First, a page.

Tuesday, 7 June 2016

Work starts on mowing Wembley French School's meadows

Flower beds in formr times
Today after the 'meadow' was cut back

Cutting waits to be completed on the south side of the steps

 It was probably a coincidence but following a flutter of comments on Twitter at the weekend, work started today cutting the grass back in the former municipal gardens in front of the Lycee de Londres  previously Brent Town Hall and before that Wembley Town Hall.

It is a rough and ready job and still lots of litter around but let's hope it is the first stage in a restoration of what was once a source of local pride.


  1. Like much of Wembley and Kingsbury, this piece of land was a meadow for hundreds of years before it was built on!

    Around one hundred years ago, this field provided grazing for the ponies of a polo club, which had its polo ground on the flatter land at the top of the hill (Greenhill). The road alongside the town hall / Lycee site was called "The Paddocks" because of this.

    One lady, who has shared her memories with me, was born in a cottage at Blackbird Farm (where her father was a cowman) in 1920. She remembered being taken for a walk along Forty Lane as a little girl, and seeing soldiers in skirts camping in this field! This must have been a Scottish regiment, taking part in a military tattoo at Wembley Stadium as part of the British Empire Exhibition in 1924.

    So, a blog article about cutting the grass can remind us of some interesting local history!

    Philip (with my Wembley History Society hat on).

    1. I wouldn't assume the 'soldiers in skirts' were Scots, Philip. There were some rum goings-on in HM Forces in the 20s, by all accounts.

  2. Thanks Philip.I had thought one of my aunts was a labourer at Blackbird Farm but I am not sure if the dates fit. Do you know when it stopped being a working farm? She was certainly a labourer at Bush Farm during WW2 as I have a picture of her hay making there,

    1. maggie vickers7 June 2016 at 21:42

      If my parents were still alive they might have been able to help fill in a bit more detail on this but sadly they are now long gone. When I have a chance I will ask an 86 year old lady I know who was born in Kingsbury and lived there until she moved to Wembley just after WW2 and has a wealth of memories and stories.

    2. Martin,

      I believe that Blackbird Farm stopped being a working farm around 1923/24. Its dairy herd was hit by foot and mouth disease, and one of the last jobs that Doris's father (the cow man) had to do was to shoot the cattle.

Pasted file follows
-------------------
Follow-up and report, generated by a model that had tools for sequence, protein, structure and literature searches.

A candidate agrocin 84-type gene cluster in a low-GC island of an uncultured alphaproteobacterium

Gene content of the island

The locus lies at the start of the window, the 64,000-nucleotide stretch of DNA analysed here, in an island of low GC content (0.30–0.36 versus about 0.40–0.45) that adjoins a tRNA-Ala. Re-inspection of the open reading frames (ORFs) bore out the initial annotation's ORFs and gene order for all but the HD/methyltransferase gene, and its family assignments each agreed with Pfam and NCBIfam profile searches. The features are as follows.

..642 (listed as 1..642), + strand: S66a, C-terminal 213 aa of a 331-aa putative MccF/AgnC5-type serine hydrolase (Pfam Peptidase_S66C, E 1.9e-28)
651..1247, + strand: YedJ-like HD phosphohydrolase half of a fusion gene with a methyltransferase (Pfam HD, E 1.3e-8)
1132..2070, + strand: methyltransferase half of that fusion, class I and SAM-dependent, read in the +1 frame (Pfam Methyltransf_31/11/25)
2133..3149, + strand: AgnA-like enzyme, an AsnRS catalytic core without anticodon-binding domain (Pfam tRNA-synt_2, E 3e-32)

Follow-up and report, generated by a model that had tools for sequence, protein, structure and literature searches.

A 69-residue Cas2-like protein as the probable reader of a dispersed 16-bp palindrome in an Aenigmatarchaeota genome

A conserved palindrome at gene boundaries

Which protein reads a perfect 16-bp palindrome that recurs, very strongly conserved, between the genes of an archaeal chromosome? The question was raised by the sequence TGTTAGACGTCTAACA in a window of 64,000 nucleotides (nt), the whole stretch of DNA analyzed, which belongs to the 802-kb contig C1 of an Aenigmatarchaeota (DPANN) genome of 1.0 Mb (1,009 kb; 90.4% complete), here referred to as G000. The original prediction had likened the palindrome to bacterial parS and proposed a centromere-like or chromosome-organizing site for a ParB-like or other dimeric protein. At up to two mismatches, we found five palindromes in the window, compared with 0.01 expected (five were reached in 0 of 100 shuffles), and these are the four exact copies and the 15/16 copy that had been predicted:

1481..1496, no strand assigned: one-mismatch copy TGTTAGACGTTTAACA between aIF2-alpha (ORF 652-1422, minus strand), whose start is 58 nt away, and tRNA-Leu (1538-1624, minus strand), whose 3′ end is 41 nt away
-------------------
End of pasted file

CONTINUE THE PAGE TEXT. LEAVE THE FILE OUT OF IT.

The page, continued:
By 1924, its farm land was being sold off for development as the "Kingsbury Hill Estate". Doris's family were rehoused on Kingsbury Urban District Council's first council estate, at High Meadow Crescent, at the end of 1924.

      The farmhouse (parts of which dated from Tudor times) remained until the 1950's, when it was demolished to make way for "The Blackbirds" public house.


  3. I suppose it's too much to hope that the French School will cut the rest of the grass, erect some goalposts, paint white lines and then host YouMow 2016 in Wembley.
    Vraiment, le football rentrer a la maison!

    Mike Hine

  4. Thought last week it was looking a bit shabby and it needed a mow. Great minds think alike Mike.

  5. ...Or perhaps the Lycee would like to take things the full circle. They could get 3 or 4 cows and a couple of goats, call it an urban farm and supply the Asda across the road with really locally sourced speciality dairy products or open their own farm shop. Just think of the skills the students will acquire - ranging from animal husbandry and caring for animals (boosting their own immune systems in the process), proper "hands-on" business skills, business accounting, marketing skills and how to survive in business. Just think of the Headstart they will have over their peers when they leave school with this on their CVs. They may well go on to become Baron Sucres.
    What do you think Mike?